Ohio Bankruptcy Exemption Changes

Bankruptcy Attorney

Contrary to a commonly held misconception, the bankruptcy does not leave you penniless on the street. In fact, the opposite is true. Filing for bankruptcy is a great tool for resolving your debt burdens and even protecting your assets. How is this possible?

Bankruptcy Exemptions

Bankruptcy exemption laws allow for much of your personal property to be protected from liquidation in bankruptcy. After all, how you can be expected to uphold your debt obligations and make a living in the future without a place to live, a car for transportation or the ability to sustain employment? For this reason, the Bankruptcy Code allows for specific property and their values to be exempt from liquidation.

There are two types of bankruptcy exemption laws, federal and state. Ohio bankruptcy exemption laws are not exactly know for being very liberal with their allowances, but big changes have been made in recent weeks that offer a wider range of property protection. Since April 1, 2013 the exemption laws for the state of Ohio have been changed as a result of a 9% statutory cost of living adjustment.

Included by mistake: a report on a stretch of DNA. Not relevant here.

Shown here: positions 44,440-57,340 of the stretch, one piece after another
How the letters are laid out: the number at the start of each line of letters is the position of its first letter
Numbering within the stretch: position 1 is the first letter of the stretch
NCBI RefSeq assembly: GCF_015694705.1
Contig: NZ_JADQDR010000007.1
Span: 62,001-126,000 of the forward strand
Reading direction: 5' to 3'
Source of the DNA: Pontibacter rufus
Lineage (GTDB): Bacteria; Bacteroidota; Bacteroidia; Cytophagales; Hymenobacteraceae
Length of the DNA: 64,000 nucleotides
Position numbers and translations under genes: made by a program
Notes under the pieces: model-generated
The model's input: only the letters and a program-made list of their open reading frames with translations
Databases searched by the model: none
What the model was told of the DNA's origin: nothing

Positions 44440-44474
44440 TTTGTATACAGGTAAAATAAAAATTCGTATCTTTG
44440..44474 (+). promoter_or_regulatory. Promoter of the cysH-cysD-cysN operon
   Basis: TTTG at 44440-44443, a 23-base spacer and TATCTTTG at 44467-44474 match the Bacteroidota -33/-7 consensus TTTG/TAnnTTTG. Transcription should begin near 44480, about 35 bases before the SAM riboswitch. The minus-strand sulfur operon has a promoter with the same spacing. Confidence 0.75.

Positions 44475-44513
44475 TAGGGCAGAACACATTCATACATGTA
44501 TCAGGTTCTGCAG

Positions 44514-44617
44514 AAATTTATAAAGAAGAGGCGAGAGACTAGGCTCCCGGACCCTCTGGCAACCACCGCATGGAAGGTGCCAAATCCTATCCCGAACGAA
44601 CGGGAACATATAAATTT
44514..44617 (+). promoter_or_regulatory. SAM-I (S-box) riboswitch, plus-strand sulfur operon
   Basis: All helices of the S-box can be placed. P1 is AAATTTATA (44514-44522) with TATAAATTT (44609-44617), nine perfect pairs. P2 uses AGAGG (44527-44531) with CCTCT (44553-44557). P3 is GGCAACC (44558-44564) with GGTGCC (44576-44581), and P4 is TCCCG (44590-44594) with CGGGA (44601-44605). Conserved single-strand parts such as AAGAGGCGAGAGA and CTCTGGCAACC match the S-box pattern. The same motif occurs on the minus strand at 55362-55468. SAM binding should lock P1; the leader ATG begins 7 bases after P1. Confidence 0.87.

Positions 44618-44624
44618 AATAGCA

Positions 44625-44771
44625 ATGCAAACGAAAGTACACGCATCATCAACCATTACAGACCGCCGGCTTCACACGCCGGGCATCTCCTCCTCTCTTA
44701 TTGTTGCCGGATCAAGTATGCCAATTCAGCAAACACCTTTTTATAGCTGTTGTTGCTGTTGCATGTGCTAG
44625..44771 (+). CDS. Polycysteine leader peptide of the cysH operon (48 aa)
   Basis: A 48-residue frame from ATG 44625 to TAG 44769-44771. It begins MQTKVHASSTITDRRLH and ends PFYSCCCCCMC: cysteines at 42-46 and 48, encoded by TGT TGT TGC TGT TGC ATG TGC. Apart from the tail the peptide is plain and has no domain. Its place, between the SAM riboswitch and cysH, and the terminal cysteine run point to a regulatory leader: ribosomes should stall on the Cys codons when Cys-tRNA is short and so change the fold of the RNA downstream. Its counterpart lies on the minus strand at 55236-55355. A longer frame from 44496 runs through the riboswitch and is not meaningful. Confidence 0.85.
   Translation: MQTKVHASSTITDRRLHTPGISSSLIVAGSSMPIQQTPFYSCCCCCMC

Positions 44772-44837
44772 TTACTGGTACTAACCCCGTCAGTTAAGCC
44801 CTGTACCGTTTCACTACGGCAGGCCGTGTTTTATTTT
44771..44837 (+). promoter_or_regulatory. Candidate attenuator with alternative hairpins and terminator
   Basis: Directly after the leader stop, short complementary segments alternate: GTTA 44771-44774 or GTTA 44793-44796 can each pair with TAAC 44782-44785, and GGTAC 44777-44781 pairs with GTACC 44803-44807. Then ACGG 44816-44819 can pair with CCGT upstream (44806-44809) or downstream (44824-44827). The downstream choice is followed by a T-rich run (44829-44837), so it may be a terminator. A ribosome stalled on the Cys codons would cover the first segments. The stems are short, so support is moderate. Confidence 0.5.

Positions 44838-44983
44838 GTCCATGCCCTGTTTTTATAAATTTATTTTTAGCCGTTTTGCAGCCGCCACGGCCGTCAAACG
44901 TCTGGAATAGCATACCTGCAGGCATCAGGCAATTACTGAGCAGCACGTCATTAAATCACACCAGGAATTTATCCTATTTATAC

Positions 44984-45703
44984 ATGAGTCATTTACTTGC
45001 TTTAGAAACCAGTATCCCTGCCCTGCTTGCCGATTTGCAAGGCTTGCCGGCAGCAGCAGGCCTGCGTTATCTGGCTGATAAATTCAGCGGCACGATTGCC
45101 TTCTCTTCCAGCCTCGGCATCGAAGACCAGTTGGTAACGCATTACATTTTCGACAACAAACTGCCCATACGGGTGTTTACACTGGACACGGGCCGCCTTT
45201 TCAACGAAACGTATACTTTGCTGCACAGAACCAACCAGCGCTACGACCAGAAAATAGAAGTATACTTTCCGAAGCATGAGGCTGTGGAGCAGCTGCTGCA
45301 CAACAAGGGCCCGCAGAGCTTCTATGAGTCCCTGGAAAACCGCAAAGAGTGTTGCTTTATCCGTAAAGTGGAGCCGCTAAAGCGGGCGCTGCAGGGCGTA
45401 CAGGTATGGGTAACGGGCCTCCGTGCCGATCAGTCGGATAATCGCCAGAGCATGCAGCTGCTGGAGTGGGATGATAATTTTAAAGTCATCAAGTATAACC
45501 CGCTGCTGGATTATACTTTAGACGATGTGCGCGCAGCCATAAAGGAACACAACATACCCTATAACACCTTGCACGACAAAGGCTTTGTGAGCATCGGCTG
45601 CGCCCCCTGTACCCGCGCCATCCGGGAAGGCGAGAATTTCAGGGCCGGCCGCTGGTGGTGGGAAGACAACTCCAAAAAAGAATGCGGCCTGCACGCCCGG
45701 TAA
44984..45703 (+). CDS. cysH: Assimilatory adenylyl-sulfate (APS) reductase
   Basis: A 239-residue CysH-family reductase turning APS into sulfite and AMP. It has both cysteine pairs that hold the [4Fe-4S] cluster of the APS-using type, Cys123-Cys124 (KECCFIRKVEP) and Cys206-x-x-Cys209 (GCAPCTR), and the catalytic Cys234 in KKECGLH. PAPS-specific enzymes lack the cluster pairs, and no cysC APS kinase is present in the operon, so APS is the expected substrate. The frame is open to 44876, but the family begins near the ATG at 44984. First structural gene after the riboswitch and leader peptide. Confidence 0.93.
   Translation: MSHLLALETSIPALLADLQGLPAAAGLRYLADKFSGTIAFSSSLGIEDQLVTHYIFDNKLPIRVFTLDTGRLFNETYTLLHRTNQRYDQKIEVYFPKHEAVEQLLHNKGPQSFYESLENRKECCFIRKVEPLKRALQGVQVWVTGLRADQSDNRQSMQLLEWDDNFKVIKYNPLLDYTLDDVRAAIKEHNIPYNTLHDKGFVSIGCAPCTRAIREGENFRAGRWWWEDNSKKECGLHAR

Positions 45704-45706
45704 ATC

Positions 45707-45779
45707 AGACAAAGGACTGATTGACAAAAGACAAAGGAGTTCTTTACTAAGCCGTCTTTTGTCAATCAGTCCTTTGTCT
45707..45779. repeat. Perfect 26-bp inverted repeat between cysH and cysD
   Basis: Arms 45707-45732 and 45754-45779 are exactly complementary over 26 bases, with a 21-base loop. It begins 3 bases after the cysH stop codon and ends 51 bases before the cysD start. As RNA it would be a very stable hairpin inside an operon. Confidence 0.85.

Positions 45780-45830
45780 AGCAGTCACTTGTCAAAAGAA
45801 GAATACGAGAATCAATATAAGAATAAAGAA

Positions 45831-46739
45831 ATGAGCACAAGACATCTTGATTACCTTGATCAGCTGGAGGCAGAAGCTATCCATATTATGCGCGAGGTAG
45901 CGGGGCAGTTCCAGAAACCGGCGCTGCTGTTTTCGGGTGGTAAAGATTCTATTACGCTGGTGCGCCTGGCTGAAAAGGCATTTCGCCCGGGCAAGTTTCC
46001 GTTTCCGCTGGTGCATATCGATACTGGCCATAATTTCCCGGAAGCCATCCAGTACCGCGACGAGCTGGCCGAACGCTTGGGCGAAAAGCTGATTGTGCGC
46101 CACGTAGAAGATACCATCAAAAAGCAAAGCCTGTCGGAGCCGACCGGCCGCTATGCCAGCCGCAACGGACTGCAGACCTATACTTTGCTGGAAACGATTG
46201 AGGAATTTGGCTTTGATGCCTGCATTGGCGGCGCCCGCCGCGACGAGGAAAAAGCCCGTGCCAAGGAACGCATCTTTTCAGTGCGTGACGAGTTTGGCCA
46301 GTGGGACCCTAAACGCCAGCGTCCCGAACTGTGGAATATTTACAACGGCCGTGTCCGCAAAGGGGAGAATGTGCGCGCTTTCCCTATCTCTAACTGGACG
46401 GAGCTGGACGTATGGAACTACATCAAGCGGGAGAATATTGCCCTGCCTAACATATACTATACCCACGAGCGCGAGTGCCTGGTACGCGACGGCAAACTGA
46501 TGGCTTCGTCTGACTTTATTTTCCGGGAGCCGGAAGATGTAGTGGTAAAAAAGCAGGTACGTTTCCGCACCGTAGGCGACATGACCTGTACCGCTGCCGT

Here is a list of some of the important changes as of April 1, 2013:

Homestead: $132,900; up from $125,000 weeks prior and $20,200 in 2009
Motor vehicles: $3675; up from $3,225
Cash on hand: $450; up from $400
Individual household good items: $575; up from $525
Total allowance of household goods: $12,250; up from $10,775
Jewelry: $1550; up from $1350
Tools of trade: $2325; up from $2025
Personal injury claim funds: $23,000; up from $20,200
Wildcard item: $1225; up from $1075

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